In FIG. 5 there is illustrated the top ink into contact aperture 26, defined adjacent the point of initial contact between roller 10 surface and ink 22 and a bottom ink outflow aperture 27, defined adjacent the point of disengagement of the roller 10 surface with printing ink 22. As will be apparent, baffle 18 provides for enhanced ink circulation within the reservoir and enhanced contact of ink with the individual engraved repository cells 28. As a result, there is substantial elimination of the dry spots which are manifest in high speed rotation of conventional letter press or offset printing systems.
Operating parameters may include:
(1) Speed of engraved inking cylinder: up to 2000 ft./min.
(a) Cell dimensions: cell total width 100 micron (90 micron open space and 10 micron wall thickness)
(b) Cell depth-- 10 microns 250 cells per linear inch (62.500 cells per sq. inch)
(3) Cell configuration: quad type cell
(4) Ink type used:
(a) Hydrocarbon base ink normally used for letterpress newspaper press-viscosity range 2000-2500 centipoises.
(b) Hydrocarbon base ink normally used for offset newspaper press-- viscosity 3500-4000 centipoises.
(c) Water base ink with viscosity of 2000-3000 centipoises.
(5) Density level achieved with the above inks and cell structure-- 0.90 to 1.05.
As illustrated in FIG. 1, ink is drawn through ink into contact aperture 26, the distance "A" between baffle 24 and the engraved roller 10 surface being larger at entry. The distance between baffle 24 and the surface of the cylinder 10 becomes narrower at mid-point 31, creating higher pressure which helps to eliminate air turbulence and assists in filling the engraved repository cells 38 within the surface of roller 10. Ink 22 thus moves at high velocity due to contact with rotating cylinder 10 and exits through ink outflow aperture 27. Back ink flow guide 32 diverts the ink flow for continual circulation and, of course, restrains agitation. The individual separators or vertically disposed plates minimize, of course, excessive agitation across the width of a press and across the width of the entire reservoir 14.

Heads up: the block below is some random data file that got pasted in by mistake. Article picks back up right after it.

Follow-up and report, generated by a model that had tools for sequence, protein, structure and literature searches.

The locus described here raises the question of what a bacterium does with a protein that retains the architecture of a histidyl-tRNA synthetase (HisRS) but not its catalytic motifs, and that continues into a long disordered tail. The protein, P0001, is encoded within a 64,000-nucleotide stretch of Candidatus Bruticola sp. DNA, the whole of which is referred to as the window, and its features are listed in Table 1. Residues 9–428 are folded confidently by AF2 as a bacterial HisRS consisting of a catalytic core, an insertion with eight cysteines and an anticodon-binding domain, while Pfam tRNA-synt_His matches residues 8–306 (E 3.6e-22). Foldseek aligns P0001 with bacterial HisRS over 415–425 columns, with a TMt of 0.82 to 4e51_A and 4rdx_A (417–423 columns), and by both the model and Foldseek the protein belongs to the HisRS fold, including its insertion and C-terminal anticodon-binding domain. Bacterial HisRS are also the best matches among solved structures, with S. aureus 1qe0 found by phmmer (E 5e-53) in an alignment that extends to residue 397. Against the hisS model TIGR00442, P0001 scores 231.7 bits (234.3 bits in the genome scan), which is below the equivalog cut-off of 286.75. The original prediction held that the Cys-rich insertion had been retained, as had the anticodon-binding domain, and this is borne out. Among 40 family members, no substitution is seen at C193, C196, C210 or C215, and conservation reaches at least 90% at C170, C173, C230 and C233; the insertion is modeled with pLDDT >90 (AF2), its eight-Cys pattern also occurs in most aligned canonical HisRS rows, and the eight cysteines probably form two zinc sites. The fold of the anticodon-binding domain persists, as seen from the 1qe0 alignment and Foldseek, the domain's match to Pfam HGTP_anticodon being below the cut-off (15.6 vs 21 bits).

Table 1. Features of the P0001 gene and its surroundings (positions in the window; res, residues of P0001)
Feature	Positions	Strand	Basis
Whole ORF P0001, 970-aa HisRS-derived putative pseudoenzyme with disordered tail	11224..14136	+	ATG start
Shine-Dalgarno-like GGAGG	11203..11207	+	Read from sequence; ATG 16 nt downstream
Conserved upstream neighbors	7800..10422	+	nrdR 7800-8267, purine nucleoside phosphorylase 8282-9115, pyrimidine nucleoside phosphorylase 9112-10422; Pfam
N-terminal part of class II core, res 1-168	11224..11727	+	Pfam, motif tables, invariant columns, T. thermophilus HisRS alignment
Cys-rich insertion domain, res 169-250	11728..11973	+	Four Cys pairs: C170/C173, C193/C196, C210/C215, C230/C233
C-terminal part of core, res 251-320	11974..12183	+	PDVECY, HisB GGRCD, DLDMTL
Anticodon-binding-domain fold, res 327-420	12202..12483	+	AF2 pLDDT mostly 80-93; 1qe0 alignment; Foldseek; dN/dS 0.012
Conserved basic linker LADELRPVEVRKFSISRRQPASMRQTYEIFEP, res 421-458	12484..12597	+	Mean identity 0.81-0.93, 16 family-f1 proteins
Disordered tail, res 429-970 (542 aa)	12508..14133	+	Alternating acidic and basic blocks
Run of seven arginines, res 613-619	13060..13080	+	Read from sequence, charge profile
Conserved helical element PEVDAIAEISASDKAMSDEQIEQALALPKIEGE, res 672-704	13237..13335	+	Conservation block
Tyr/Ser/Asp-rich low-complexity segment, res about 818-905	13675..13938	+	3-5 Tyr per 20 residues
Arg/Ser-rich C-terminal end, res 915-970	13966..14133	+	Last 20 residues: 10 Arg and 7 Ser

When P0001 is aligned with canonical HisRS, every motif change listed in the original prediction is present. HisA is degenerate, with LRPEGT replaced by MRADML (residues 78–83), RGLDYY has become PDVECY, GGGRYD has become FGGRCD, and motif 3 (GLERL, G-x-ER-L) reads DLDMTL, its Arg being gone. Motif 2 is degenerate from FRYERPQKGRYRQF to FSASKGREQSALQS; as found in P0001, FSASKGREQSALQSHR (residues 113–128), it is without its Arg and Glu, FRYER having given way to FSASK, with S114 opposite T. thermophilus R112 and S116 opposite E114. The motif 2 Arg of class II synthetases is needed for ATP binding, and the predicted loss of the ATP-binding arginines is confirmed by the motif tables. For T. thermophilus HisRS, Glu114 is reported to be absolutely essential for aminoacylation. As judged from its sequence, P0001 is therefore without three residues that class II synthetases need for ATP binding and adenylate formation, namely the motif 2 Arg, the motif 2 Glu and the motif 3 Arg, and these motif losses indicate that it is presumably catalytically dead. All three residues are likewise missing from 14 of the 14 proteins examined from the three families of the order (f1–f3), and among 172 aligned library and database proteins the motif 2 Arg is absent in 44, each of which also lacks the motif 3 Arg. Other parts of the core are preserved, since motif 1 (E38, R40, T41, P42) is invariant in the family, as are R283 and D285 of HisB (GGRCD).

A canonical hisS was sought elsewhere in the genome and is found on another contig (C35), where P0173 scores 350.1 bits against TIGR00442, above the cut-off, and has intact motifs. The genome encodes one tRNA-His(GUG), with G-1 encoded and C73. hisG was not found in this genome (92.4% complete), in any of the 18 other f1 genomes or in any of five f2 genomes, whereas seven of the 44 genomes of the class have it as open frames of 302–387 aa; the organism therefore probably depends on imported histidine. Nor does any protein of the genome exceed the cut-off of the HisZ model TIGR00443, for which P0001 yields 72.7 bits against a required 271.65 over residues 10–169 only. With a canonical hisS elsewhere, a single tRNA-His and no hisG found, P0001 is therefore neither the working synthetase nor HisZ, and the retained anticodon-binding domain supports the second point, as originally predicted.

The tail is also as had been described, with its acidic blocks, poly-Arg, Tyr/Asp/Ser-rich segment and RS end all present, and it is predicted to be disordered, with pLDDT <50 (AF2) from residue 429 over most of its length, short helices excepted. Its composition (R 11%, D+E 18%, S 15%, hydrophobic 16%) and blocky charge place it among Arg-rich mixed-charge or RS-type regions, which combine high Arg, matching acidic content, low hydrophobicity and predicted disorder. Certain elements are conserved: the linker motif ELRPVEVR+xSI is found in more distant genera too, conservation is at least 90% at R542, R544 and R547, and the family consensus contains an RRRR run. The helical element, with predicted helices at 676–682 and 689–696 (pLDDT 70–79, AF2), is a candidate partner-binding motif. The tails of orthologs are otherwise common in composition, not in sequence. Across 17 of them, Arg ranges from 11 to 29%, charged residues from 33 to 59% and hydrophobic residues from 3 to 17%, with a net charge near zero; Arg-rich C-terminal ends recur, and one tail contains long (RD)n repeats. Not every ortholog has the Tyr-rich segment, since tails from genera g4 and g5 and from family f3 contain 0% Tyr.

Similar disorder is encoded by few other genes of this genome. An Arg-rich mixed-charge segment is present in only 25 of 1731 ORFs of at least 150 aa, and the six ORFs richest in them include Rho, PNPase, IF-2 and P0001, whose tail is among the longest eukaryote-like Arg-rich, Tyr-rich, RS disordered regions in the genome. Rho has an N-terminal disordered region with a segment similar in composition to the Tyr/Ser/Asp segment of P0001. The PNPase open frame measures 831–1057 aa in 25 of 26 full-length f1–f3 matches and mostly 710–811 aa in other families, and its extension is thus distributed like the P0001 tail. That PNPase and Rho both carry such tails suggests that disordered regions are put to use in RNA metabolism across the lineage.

Manifestly, various types of baffle structures may be employed without departing from the spirit and scope of the invention.
1. In a printing system of the type embodying a rotatable inking cylinder contactable with printing ink within an ink reservoir, the improvement comprising:
- A. a baffle supported in said reservoir adjacent said inking cylinder, said baffle further including:
- i. a series of vertically disposed plates mounted in side-by-side array perpendicularly to the axis of said inking cylinder;
- ii. a unitary front ink flow guide interconnecting said plates along the axis of said inking cylinder, so as to define an ink into contact aperture in the upper portion of said ink flow guide and an ink outflow aperture in the lower portion of said ink flow guide, a median portion of said ink flow guide intermediate said ink into contact and outflow apertures defining a transverse baffle across said reservoir and in parallel with the axis of said inking cylinder, and
- iii. a unitary back ink flow guide interconnecting the bottom rear of said vertically disposed plates, so as to define an ink outflow guide across the bottom of said reservoir.
2. A baffle as in claim 1, said front ink flow guide and said rear ink flow guide defining a path for circular flow of ink within said reservoir in parallel with the rotation of said inking cylinder.
3. A baffle as in claim 2, in combination with a doctor blade supported in the lower front portion of said reservoir, as a front wall, and contactable with the surface of said rotating cylinder.
4. A baffle as in claim 3, in combination with a reverse angle doctor blade supported in the lower front portion of said reservoir, as a front wall, and contactable with the surface of said rotating cylinder.
5. A baffle as in claim 4, including a top plate interconnecting said vertically disposed plates above the path of contact between ink and inking cylinder within said ink reservoir.
6. A baffle as in claim 5, said top plate being superposed with respect to the surface of said ink within said reservoir.
7. A baffle as in claim 6, said vertically disposed plates being of greater height than said front ink flow guide, such that each plate is supported upon said reservoir bottom as a vertical partition in both said ink into contact aperture and said ink outflow aperture.
8. A baffle as in claim 7, said vertically disposed plates being of lesser width than said baffle, such that a transverse aperture is defined across the front of said reservoir and intermediate said plates and said front flow guide.
|3898955||August 1975||Rosette et al.|